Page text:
Slow and steady wins the race
People ask me all the time if women entrepreneurs are better entrepreneurs than their male counterparts. It is actually a ridiculous question but I do see a difference. I actually see the difference with people who seem to have a harder time raising capital. Perhaps it is that experience that makes them committed to succeed at an entirely different level or perhaps that is the type of people I love to back.
I read the obituaries every day. I think I started doing that sometime in my late 20’s. The NYTimes highlights some people I know and others who I have never heard of. Each of them have always led impressive lives.
J. Robert Beyster died this past week. He was one of the largest defense contractors. He had an amazing company philosophy. There was this quote in the obituary that made me put these thoughts into a blog post.
In his 2007 book, “The SAIC Solution: How We Built an $8 Billion Employee-Owned Technology Company,” Dr. Beyster wrote: “I have found that employees are more patient investors than the public. They are willing to wait longer for returns because they want a good place to work. They allow the company to invest in long-term growth and not just short-term gains.”
Maybe I am patient as an investor but I do believe that companies need to and take time to grow. Capital is certainly needed but I see too many investors expecting returns too soon. Each company is different, each trajectory is different, each culture and each company takes its own path. Growing a solid foundation to grow the company on is important vs just pushing for constant growth without making sure that the blocks are not set in place. I think of building a house of cards. If there isn’t a solid structure at the base the building will never get built. Although some fall apart half way through and others make it to the top.
The importance of a great team, an entrepreneurial visionary and a great group of investors who can sit around a table discussing the future without pushing too quickly can be positive. Sometimes it isn’t but that is why each company is different.
Women are great at building those foundations before moving on to the next level. Sometimes it works and sometimes it doesn’t but I will take slow and steady any day over unrealistic fly by the pants expectations.
Ah, that’s where that quote came from!Do you find yourself attending funerals that you otherwise wouldn’t as a result of reading the obituaries?
only attend funerals of people I know.
Dear Joanne, Just a note to wish you a wonderful 2015 and thank you for your insightful posts plus your impressive 45 investments. The startup world needs more Gotham Gals!Your fan,Ella
Thanks Ella. A happy and a healthy to you too
This may be off but here goes.Most women entrepreneurs I know–and I know a number–are building businesses that are not disrupting the tech infrastructure, change the game for the planet companies. Generally.Many are brand smart, shopping and nutritional savvy, wellness brilliant as a consumer poise.And it is just harder to raise money against a pure brand play that is in many ways tied to a standard distribution paradigm that the big honking multiple risks of changing the transportation industry for example.Raise they do but it is a different ballgame and one that I think is crying out for more infrastructure from an investment perspective that places like Circle Play but more is needed.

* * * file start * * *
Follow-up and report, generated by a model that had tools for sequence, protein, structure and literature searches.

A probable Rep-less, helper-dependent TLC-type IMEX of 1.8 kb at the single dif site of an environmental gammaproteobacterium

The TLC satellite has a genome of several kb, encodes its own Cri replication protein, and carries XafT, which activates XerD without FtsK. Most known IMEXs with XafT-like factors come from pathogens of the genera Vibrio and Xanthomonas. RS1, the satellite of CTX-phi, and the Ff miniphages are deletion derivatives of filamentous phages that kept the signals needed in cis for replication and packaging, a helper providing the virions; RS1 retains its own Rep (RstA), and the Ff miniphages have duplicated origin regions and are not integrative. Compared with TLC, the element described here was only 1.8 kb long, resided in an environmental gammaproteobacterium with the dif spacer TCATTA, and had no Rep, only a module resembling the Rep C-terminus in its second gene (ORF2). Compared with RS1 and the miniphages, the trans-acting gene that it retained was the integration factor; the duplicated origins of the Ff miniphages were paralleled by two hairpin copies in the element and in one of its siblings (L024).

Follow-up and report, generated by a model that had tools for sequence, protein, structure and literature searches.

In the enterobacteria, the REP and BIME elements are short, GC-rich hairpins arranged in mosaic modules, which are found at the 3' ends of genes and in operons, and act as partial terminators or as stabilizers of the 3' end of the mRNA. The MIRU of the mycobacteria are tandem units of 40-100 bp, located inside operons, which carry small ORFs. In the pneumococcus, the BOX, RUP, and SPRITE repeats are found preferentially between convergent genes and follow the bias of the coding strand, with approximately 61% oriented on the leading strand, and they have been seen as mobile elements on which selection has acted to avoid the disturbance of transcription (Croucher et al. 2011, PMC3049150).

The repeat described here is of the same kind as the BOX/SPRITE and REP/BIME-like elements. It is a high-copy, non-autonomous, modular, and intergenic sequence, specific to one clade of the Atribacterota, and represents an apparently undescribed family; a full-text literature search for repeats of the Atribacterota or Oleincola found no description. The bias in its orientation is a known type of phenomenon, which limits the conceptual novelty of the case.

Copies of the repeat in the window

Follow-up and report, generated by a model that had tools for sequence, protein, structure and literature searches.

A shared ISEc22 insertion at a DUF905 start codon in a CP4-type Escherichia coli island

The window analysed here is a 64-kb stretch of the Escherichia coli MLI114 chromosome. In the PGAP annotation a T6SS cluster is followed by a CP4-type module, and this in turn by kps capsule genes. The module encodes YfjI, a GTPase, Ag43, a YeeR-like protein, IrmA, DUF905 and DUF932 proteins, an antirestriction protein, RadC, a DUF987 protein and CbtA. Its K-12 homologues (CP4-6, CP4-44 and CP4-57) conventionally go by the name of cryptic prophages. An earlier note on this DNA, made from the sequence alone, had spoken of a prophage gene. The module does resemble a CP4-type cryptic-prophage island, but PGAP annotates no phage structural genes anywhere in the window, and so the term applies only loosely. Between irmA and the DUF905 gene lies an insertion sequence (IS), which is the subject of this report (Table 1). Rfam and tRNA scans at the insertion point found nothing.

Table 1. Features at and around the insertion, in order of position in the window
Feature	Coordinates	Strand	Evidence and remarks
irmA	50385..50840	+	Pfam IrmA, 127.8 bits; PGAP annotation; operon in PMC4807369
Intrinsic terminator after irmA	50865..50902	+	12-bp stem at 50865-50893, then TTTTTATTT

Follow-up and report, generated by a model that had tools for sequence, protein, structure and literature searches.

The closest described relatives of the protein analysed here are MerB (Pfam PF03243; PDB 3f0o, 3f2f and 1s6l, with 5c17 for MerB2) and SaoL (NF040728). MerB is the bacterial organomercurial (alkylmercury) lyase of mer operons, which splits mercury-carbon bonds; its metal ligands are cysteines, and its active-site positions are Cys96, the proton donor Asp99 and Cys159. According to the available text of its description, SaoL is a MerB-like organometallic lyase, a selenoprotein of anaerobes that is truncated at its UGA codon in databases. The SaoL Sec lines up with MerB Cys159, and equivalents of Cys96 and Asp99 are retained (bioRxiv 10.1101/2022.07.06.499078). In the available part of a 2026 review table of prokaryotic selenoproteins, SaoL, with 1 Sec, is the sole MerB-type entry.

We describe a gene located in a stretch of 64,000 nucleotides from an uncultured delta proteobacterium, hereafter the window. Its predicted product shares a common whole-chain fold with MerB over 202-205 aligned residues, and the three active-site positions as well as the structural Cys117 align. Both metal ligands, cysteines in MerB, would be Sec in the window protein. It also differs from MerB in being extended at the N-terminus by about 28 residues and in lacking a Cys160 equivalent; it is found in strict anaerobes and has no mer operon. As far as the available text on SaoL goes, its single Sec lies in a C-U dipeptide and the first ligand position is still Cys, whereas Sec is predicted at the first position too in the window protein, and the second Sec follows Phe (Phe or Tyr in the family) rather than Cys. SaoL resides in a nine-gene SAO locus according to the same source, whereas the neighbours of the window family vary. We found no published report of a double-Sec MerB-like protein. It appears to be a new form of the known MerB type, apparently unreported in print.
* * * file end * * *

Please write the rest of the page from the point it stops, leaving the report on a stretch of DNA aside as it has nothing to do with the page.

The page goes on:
plenty of men doing nothing to not disrupt the tech infrastructure, either. You’d be surprised how much less male investors believe women who want to change the status quo, they don’t trust them somehow as much as they do men.
that is the root of the problem.
The Men are from Mars, Women are from Venus communication style usually put women airing concerns, and men wanting to solve them quickly while the women wanted to be heard more than anything. In context with your post that aligns with women having the patience to sit with problems longer and mulch on them, and men often impatient with that strategy, wanting more action and results. While a slight style generalization, does this ring true with your experience?
Yep. It rings loud and clear
Great post, Joanne.I regularly remind myself of a quote I encountered on Twitter some time back – ‘It does not matter how slowly you go as long as you do not stop.’
Such a timely post for me and I enjoyed the comments as well. I have been struggling with getting my new business going and often wonder if it’s taking too long. I have to keep reminding myself to keep moving and that timing is everything. Happy New Year, Joanne!
Been to that dark side of the moon. I promise you one thing. If you dont feel you are ready to give up – then it is not the time to give in. Trust the spirit that inspired you to start in the first place to be wise enough to tell you if it time to move on. Trust yourself. Good luck!
In our case, I am founder/ CEO of an ad:tech firm that got minimal angel funding. That meant I could create our venture according to what I knew was right and not what VC believed I should do.Did it take us longer? Yup.Is our final solution much much better because of the time we took as we didnt go down the quick MVP road? Yup.Did the fact that VCs who dont really understand the business of marketing not push us down roads that are now blowing up other ad:tech startups? Yup.Best yet – we are still very much master of our own destiny. That’s a win in my book even if Facebook may not buy us for $1B…. tomorrow.